Talkative and quick-witted, merrows can dominate conversation. The voices of merrows are steady, mellifluous, and rich with harmonics, and merrows are so well-traveled that any is sure to have excellent tales to tell. Be careful that you don't listen too long to a wellgabber, however—merrows are known to weave glamers into their speech, which can prove quite influential to the unsuspecting listener. Some travelers have lost fortunes just by stopping to gossip with the clever merrows.
No race on Lorwyn is more ubiquitous or mysterious than its faeries. The fae lead short, flitting lives in pursuit of gossip, diversions, and amusing intrigues. Petty and vain, faeries are like petulant children at play. They love to have fun, to revel in Lorwyn's eternal midsummer, and to follow their whims. But faeries can also be carelessly cruel, capricious, and vindictive. The study of faeries can be gratifying for extraplanar travelers, but also frustrating and even dangerous.
Oona's ProwlerFaeries travel in small groups of three to six called cliques. Where faeries originate is unknown, but they claim to serve Oona, the enigmatic Queen of the Fae. Oona has never been seen, and is believed by many of the races of Lorwyn to be strictly mythical.
It is thought that faeries do not dream, which would explain why they spend so much time harvesting the dreams of others. Faeries can distill these stolen dreams into a sparkling energy that they carry around with them, like a bee carries pollen. The sight of a faerie reaping dream energy from a sleeping giant is one of the most unique experiences a traveler can have on Lorwyn. Giants are the faeries' favorite prey, for giants dream giant dreams—a faerie laden with the dream-stuff of a giant has a characteristic lurching flight pattern. Whether the faeries transport, store, or consume the dream-stuff for their own enjoyment is unknown, but at least one traveler has reported that the amount of dream-stuff harvested could represent a significant amount of magical power if collected over time.
The treefolk of Lorwyn have the longest lives and longest memories of any of its denizens. Treefolk are born from seeds like any other tree, but they gain sentience and mobility during a process called the Rising. In their youths, treefolk stay in their birth-groves, absorbing the wisdom and oral history of their elders. When they mature, they wander the world alone, seeking those worthy of their knowledge or shelter.
Treefolk character and roles are largely determined by their plant species. Ash, birch, oak, rowan, and black poplar all have different roles in treefolk society. Treefolk risen from poisonous yew trees have all but vanished on Lorwyn, but at this writing, there is still one yew treefolk remaining on the plane: an immensely ancient and knowledgeable treefolk named Colfenor.
Interestingly, treefolk do not consider the use of wood taboo. While they would consider it wrong to kill a living tree, they have no qualms about crafting and using tools made from trees that died. Furthermore, many species of tree are perfectly capable of regenerating from careful harvesting of branches, and treefolk use such wood extensively. Treefolk warriors can often be seen using armor and cudgels made from tough wood, sometimes even crafted from their own bodies.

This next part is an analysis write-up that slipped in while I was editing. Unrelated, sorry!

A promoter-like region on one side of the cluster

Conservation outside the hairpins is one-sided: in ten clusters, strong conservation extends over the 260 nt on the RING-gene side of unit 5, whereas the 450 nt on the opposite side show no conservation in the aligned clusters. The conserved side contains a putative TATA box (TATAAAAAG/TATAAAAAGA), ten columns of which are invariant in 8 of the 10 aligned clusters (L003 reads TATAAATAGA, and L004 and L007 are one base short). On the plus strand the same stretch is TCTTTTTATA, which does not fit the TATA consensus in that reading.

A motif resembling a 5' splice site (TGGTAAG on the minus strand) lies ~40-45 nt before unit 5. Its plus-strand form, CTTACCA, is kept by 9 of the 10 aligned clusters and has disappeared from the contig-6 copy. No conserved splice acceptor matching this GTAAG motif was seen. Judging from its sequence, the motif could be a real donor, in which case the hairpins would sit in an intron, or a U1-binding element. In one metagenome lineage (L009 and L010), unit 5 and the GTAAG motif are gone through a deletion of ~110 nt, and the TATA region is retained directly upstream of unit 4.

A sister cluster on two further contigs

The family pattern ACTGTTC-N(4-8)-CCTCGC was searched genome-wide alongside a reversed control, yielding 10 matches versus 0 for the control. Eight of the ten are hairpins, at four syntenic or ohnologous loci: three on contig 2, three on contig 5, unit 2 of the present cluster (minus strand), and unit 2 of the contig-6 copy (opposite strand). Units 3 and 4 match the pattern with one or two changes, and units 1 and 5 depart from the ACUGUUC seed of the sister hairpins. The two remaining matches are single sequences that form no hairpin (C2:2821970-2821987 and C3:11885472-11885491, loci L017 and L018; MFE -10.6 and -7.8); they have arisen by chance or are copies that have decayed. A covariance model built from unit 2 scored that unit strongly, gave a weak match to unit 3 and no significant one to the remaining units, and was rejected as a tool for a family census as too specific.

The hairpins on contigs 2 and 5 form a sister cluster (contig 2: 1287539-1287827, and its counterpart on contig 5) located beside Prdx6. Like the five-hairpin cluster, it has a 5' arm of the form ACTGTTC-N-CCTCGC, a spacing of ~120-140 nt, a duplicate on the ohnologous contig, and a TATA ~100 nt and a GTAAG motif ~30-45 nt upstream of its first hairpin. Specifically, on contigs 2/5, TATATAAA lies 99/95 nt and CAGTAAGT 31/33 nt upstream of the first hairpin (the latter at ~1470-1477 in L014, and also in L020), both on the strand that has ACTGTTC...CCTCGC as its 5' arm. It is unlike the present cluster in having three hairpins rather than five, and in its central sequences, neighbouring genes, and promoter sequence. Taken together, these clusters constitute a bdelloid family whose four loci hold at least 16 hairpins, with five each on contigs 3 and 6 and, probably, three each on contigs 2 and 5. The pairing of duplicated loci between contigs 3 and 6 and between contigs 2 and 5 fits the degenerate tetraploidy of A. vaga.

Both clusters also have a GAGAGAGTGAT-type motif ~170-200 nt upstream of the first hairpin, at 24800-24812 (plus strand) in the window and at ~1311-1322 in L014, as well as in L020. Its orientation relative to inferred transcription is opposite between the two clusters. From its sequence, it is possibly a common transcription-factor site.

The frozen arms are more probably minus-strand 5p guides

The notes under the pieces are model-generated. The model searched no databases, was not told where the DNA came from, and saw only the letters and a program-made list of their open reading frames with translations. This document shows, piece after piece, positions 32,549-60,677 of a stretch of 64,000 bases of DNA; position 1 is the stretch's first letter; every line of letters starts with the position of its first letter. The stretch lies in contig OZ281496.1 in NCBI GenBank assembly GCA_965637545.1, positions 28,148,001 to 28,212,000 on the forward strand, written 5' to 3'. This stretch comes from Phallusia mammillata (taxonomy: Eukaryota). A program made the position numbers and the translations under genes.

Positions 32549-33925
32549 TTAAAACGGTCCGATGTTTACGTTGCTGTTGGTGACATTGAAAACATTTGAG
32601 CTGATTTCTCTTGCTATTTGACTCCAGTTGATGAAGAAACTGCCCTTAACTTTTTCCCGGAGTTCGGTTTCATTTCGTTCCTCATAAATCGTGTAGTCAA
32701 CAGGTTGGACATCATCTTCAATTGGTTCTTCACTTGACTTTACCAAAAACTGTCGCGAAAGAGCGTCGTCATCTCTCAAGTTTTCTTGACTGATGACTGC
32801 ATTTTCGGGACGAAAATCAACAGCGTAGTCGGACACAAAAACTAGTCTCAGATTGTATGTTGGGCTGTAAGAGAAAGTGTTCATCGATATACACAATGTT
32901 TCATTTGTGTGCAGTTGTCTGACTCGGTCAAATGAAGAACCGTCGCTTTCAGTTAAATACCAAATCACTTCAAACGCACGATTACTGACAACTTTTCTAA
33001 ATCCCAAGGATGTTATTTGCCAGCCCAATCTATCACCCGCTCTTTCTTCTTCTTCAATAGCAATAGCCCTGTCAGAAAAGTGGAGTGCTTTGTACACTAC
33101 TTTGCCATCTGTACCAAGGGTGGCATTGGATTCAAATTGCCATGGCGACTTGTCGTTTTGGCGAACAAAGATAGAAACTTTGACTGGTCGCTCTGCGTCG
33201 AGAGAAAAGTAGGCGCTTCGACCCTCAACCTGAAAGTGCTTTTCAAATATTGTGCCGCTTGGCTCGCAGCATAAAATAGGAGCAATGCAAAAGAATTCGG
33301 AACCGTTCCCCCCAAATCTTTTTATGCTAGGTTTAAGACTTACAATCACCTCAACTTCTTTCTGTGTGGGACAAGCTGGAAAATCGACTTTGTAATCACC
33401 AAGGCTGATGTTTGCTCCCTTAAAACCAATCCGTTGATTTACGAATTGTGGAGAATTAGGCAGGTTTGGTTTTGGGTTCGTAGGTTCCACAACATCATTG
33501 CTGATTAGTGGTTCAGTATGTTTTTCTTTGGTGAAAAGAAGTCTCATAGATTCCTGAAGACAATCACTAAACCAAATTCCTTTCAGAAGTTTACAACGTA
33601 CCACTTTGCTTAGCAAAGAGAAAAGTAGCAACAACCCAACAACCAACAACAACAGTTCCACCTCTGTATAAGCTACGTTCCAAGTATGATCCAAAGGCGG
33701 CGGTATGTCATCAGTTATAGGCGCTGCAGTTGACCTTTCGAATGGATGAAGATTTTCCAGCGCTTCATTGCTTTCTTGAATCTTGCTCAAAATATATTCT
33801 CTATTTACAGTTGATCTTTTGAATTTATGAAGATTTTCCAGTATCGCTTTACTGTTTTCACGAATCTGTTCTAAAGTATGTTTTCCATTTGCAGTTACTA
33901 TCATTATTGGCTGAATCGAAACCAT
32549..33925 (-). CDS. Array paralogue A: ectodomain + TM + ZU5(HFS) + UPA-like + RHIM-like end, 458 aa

Planar travelers would do well to seek out the mighty treefolk. With few exceptions, their philosophy and mystic knowledge is given freely—but their wisdom comes in the form of deceptively simple aphorisms. Unwrapping a kernel of treefolk wisdom can take even a devoted thinker decades, but it's usually well worth the patience required. Treefolk have simply seen more of Lorwyn, and for a longer time, than the humanoid races, and treasure their centuries of experience as much as boggarts treasure their hoards. Just as Lorwyn's natural resources have not been touched, the wisdom of its treefolk has also, so far, gone largely unmined.
Giants are a race of hermits, arbiters, explorers, and oracles. Some huddle in mountain caves; you can spot a giant's lair by the enormous, rugged dolmen stones built up around the entrance. Others range over Lorwyn with long, loping steps. You can tell a giant's travel route by the man-sized, earth-compressed footprints and lack of vegetation.
Give giants a wide berth; they are by far the strongest individual warriors on Lorwyn. Since giants require so much terrain to move around in, they can also be fiercely territorial. Note that giants tend to have one-track minds—when they are friendly, they are magnanimously friendly to all beings, but when they are angry, their rage shakes the earth for weeks. If you're forced to interact with a giant, try to maintain its eye contact to hold its attention, lest you be ignored and stomped. Take a page from the kithkin, who converse eye-to-eye with giants by speaking to them from a high cliff. Above all, do not question the dominion of a giant; do not try to wrest control of a treasure, valley, or pet flamekin away from her. Your remains will be found in a Crush Underfoot.
Arbiters and Oracles
Giants are blessed with a lofty perspective—literally—and many are trusted by the smaller races as arbiters of difficult interpersonal conflicts. Even when a giant's verdict might sound illogical, his broad perception is trusted. If a giant pronounces a judgment on you, even a negative one, it's best to play along until you can escape the plane.